4. Keep your repositories up-to-date and remove any unused or unnecessary repositories to minimize the cache size and ensure that you have access to the latest package versions.
  5. Optimize YUM performance by enabling delta RPM updates, which download only the changes between package versions instead of the entire package. You can also consider using a faster mirror for your repositories to speed up package downloads.


Cleaning your YUM cache is a crucial task for maintaining the performance and disk space efficiency of your CentOS or RHEL system. By regularly removing cached package files, headers, and metadata, you can free up valuable disk space, resolve issues caused by outdated or corrupted cache data, and ensure smooth package management operations.

Throughout this guide, we’ve explored the different components of the YUM cache, the reasons why cleaning it is important, and provided step-by-step instructions on how to clean the cache using various ‘yum clean‘ options. We’ve also covered how to handle untracked repositories, troubleshoot common issues, and implement best practices for ongoing cache maintenance.

By following the tips and techniques outlined in this article, you can keep your YUM cache clean, optimize your system’s performance, and effectively manage disk space. Remember to regularly clean the cache, automate the process when possible, and stay proactive in monitoring disk usage and cache size.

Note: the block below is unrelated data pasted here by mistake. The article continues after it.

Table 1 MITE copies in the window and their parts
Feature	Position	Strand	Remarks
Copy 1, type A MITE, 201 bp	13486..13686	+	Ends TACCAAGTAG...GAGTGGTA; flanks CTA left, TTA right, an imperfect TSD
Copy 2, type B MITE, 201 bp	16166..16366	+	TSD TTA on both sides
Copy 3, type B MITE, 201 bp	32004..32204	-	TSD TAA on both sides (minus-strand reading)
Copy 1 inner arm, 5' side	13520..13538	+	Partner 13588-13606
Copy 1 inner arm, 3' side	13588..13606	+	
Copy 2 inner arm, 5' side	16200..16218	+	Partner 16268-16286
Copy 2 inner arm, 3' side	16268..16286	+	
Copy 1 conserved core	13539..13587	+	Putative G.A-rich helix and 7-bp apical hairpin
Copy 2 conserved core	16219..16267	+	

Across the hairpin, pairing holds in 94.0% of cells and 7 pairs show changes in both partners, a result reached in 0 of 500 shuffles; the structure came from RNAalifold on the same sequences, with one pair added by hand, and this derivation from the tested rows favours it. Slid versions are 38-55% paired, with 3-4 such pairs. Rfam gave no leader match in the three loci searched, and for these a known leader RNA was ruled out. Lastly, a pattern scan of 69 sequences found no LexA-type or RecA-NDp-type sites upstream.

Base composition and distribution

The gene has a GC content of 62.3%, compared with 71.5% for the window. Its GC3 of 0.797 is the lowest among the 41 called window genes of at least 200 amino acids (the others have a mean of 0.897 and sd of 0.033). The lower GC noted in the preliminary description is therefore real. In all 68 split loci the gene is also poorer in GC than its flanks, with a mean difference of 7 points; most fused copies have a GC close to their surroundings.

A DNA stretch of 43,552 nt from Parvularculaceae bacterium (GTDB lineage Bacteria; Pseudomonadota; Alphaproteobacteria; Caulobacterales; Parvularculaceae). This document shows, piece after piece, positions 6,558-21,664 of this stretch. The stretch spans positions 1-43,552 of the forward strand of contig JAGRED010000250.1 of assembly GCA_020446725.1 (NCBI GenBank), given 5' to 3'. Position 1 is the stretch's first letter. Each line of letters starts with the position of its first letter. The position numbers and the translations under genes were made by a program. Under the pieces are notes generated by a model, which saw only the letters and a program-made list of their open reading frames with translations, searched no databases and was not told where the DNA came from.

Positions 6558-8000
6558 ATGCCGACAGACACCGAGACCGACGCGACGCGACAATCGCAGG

For further information and advanced YUM/DNF configuration options, consult the official documentation and resources provided by the CentOS and RHEL communities. Happy cache cleaning!


r00t is a seasoned Linux system administrator with a wealth of experience in the field. Known for his contributions to, r00t has authored numerous tutorials and guides, helping users navigate the complexities of Linux systems. His expertise spans across various Linux distributions, including Ubuntu, CentOS, and Debian. r00t's work is characterized by his ability to simplify complex concepts, making Linux more accessible to users of all skill levels. His dedication to the Linux community and his commitment to sharing knowledge makes him a respected figure in the field.